So, Lent and Easter are over. What’s next? The day that reveals what the whole point was all along: The Solemnity of the Most Holy Trinity, Trinity Sunday, Year A.
The Trinity kicked off Lent, with the Holy Spirit driving the Son into the desert to do the will of the Father despite Satan’s temptations — and the Trinity ended Lent in Holy Week, with the Father glorifying the Son on the cross, and the Son pouring forth the Holy Spirit to draw us into his life.
Most recently, Jesus gave us our Ascension marching orders and Pentecost equipped us to carry them out: “Go, therefore, and make disciples of all nations, baptizing them in the name of the Father, and of the Son, and of the Holy Spirit.”
In other words, life in the Trinity is Jesus’s entire mission, and life in the Trinity is the meaning of our mission now, too.
The readings for Trinity Sunday tell that tale, and the Church has turned them into doctrines.
The Trinity Sunday Gospel says: “For God did not send his Son into the world to condemn the world, but that the world might be saved through him.” And so the Church teaches that baptism into Christ “makes the baptized person a participant in the divine life of the Trinity” (Compendium of the Catechism, 263).
In the Second Reading, St. Paul says: “Mend your ways, encourage one another, agree with one another, live in peace, and the God of love and peace will be with you.” Following him, the Church teaches that our faith, hope and charity gives us “the capacity to live in relationship with the Trinity” (Compendium, 384).
In the First Reading, Moses stands in awe of “a merciful and gracious God, slow to anger and rich in kindness and fidelity” who “receives us as his own.” The Church teaches that, in heaven “we are fully ‘partakers of the divine nature,’ of the glory of Christ and of the joy of the Trinitarian life” (Compendium, 362).
So there you have it. Scripture and the Church agree: The Trinity embraces us, sustains us, and wants to include us fully in Trinitarian life one day. If that sounds high-minded and abstract, let’s get very concrete and practical about it — in fact, biological and psychological.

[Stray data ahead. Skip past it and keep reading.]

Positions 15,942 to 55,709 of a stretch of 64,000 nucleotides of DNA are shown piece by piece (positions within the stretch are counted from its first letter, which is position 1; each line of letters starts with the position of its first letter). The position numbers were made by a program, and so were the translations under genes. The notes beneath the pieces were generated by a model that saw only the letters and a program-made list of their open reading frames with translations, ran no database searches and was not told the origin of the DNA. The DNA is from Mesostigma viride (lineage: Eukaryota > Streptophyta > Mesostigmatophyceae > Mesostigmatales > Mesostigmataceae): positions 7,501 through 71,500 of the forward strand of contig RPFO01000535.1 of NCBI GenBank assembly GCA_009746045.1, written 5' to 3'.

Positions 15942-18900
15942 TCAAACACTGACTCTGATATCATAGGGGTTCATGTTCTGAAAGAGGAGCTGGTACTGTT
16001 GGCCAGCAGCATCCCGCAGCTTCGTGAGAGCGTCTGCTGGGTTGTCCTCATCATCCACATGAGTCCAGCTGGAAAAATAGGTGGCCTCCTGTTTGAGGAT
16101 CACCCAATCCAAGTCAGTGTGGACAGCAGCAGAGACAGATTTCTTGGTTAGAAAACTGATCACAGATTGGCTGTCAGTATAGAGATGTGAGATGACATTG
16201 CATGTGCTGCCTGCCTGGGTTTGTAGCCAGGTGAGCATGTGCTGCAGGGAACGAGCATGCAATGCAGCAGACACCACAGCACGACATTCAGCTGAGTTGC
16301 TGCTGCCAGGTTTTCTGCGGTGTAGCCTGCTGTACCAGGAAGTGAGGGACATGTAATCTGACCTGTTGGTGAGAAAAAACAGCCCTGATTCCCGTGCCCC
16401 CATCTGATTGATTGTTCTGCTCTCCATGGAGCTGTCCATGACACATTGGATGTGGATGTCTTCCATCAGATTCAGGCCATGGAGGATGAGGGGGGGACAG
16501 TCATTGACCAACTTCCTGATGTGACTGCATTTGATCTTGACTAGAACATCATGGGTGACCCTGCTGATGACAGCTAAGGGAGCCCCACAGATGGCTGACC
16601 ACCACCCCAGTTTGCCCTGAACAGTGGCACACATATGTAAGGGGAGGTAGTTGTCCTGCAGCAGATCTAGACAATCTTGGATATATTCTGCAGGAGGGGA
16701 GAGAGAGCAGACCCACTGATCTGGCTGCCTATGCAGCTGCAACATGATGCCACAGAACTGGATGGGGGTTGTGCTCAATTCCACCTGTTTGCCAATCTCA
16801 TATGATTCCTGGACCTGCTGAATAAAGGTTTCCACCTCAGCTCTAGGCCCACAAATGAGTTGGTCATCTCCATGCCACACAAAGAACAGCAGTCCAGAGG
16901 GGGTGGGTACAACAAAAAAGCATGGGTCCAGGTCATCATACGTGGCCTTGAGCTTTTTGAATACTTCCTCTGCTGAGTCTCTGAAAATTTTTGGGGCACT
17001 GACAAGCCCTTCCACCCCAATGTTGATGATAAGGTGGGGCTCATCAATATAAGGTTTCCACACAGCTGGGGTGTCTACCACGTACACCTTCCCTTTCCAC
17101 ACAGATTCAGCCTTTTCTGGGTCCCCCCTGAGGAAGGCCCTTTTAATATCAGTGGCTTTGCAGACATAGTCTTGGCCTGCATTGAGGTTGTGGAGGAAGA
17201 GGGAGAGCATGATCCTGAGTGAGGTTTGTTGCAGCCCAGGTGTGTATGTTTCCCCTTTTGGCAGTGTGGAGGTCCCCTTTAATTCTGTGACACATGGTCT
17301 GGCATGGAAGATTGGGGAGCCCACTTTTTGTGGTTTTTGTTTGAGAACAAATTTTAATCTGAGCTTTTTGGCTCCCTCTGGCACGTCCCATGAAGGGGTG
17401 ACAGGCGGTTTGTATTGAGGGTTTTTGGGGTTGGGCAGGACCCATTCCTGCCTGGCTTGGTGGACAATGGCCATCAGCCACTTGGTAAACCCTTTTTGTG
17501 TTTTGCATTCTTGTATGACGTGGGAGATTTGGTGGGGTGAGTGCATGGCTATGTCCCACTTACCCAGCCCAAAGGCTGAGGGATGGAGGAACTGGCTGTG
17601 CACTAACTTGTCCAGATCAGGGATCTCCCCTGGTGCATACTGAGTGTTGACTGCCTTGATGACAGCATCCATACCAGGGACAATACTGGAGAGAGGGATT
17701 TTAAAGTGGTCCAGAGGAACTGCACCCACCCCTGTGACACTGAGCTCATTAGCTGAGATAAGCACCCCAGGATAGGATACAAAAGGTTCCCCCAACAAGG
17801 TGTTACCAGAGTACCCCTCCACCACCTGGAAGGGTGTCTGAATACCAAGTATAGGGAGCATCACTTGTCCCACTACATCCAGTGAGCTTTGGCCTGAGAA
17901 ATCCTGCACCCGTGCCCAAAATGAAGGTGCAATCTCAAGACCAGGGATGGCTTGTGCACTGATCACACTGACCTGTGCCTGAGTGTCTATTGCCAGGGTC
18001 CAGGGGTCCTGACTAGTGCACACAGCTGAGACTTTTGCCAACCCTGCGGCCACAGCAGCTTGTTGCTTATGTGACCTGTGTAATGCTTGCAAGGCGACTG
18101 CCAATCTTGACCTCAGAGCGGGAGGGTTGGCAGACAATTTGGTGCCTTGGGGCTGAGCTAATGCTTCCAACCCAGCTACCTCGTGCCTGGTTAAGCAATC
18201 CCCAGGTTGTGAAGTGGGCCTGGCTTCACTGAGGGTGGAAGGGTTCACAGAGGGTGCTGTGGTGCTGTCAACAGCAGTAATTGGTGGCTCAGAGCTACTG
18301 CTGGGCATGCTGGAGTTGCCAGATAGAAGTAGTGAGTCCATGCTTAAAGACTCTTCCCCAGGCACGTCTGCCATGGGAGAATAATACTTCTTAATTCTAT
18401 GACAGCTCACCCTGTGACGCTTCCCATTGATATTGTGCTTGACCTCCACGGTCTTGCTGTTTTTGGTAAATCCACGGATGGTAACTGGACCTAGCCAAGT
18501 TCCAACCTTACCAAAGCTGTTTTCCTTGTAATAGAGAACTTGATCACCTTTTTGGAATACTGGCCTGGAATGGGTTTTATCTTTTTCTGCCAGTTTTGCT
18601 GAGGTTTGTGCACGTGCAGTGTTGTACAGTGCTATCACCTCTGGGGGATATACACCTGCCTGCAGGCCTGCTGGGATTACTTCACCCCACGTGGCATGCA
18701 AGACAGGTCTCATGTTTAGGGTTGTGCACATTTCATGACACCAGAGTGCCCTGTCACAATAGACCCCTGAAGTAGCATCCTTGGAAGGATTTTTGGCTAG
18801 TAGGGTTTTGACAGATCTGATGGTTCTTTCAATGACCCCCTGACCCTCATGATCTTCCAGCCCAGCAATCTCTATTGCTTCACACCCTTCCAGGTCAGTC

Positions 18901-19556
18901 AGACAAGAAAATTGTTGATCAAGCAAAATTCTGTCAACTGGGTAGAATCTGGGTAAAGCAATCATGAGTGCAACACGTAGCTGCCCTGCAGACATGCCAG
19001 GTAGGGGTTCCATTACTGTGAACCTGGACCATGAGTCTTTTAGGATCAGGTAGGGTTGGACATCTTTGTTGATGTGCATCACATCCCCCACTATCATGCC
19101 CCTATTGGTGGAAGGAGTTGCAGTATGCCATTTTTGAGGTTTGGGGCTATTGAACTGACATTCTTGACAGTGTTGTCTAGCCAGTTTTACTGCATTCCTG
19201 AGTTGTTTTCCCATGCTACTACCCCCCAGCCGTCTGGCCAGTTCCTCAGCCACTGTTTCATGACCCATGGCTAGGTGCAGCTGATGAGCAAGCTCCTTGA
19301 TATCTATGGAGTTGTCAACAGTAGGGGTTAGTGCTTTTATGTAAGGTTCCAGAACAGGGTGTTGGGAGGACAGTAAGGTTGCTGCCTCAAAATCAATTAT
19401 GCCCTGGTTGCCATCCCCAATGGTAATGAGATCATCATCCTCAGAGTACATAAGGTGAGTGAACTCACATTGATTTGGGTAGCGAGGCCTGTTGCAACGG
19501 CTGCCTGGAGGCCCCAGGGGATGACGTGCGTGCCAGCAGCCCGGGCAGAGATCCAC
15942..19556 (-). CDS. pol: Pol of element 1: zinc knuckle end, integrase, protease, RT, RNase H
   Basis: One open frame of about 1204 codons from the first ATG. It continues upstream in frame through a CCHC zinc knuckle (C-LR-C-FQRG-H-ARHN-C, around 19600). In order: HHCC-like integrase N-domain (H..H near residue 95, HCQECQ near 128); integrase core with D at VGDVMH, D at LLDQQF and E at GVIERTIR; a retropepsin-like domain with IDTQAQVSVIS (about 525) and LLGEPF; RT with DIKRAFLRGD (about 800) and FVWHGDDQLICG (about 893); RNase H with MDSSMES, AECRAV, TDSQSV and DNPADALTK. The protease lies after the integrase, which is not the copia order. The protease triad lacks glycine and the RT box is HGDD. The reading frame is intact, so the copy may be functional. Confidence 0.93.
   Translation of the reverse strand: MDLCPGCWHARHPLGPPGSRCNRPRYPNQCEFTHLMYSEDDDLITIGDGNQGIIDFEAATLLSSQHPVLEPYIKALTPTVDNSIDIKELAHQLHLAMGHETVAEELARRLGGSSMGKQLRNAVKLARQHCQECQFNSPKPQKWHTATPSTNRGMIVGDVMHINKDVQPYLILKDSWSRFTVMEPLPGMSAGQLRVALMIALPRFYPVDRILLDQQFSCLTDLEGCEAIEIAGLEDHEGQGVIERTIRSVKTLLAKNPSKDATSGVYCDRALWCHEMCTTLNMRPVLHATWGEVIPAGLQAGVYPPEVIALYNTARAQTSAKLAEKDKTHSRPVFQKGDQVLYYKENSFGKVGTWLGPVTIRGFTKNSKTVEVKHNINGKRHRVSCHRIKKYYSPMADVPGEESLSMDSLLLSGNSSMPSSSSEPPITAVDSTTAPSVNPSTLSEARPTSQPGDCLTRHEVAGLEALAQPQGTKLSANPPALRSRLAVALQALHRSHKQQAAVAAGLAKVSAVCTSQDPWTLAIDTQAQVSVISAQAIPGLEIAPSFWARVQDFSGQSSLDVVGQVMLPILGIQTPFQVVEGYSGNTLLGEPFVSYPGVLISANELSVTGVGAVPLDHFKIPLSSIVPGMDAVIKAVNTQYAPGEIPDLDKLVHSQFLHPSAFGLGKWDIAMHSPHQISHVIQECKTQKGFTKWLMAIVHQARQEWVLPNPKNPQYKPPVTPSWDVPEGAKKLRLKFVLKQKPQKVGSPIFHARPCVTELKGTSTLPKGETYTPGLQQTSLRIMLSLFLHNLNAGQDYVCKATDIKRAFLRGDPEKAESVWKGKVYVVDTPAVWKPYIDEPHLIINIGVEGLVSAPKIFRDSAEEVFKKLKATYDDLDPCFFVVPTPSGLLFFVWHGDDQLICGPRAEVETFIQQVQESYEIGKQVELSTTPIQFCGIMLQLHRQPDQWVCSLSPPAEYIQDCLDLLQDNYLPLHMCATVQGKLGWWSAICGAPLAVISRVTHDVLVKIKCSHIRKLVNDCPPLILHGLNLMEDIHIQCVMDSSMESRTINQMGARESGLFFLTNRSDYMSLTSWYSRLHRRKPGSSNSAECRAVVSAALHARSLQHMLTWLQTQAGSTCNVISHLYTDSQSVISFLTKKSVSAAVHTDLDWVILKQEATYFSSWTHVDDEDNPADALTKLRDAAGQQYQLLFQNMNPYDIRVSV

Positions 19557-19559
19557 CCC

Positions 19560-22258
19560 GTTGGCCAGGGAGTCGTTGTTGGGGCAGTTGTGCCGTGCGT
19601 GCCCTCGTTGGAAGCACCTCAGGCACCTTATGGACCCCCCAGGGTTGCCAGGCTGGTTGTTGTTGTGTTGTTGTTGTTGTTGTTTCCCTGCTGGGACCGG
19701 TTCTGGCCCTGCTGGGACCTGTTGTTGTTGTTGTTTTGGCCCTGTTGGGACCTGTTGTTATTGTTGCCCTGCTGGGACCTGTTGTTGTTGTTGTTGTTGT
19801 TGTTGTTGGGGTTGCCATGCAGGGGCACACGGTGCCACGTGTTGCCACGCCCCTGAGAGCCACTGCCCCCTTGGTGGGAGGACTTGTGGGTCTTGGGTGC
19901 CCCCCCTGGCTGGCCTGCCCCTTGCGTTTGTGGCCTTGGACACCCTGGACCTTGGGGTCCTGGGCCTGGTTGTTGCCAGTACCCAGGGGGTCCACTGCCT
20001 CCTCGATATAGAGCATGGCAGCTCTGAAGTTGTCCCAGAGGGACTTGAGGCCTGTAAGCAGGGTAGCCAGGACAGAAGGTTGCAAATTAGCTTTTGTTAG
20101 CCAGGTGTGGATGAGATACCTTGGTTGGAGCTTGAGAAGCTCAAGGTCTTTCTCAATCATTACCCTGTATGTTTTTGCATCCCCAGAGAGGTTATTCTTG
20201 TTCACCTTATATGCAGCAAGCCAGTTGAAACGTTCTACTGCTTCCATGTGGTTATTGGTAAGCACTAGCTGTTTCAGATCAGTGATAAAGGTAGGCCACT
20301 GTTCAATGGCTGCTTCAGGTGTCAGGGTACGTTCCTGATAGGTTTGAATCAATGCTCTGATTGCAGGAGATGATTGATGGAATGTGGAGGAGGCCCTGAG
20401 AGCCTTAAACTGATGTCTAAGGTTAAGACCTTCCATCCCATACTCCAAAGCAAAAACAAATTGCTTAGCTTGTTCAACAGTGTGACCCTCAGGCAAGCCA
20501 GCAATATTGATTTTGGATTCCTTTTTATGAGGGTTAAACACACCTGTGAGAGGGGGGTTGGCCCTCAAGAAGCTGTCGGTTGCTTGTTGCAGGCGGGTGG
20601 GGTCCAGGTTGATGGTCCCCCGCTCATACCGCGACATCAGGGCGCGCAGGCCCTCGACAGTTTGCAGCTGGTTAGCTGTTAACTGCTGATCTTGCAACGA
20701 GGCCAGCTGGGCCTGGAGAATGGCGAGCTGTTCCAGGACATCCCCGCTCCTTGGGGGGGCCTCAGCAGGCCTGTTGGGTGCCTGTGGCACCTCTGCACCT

The latest science of neurology and psychology suggests that this kind of Trinitarian unity is absolutely essential to a thriving life, starting in our families.
Gabor Maté, an author and physician who has focused on addiction and trauma, has developed our understanding of how our physiology, psychology and spirituality all work together. He is not a Christian, but Catholics will recognize much truth in what he says.
“You can really say that love makes the world go round because love is the common word for attachment — connection,” he says. “Gravity itself is an attachment force. Physical gravitation pulls two bodies together, literally. Love makes the world go round in the purest physical sense — but this is also true in the psychological realm.”
In other words, the Trinitarian love that makes Three into One is mirrored throughout the universe — but especially in humanity, made in the image and likeness of God.
As Maté puts it: “The most important factor in the development of human beings is attachment, connection to another human being. As infants we are utterly helpless — more helpless than any other creature, and stay that way longer than any other creature. Without that attachment relationship we simply don’t function — we can’t live.”
To thrive as human beings we need love, real love, unconditional love. Instead, too often, that love is absent, weak, or misunderstood.
From our own first sin to our last confession — and from Ash Wednesday to Pentecost — we have seen exactly what happens when love is thwarted.
Gabor Maté describes how ruptures in our connections in early life lead to wounds that stay fresh for a lifetime. His personal story is a prime example. He was born into a Jewish family in Nazi-occupied Hungary in 1944. At the age of 1, his mother handed him over to a stranger to save his life. When he reunited with his mother weeks later, he refused to even look at her for days.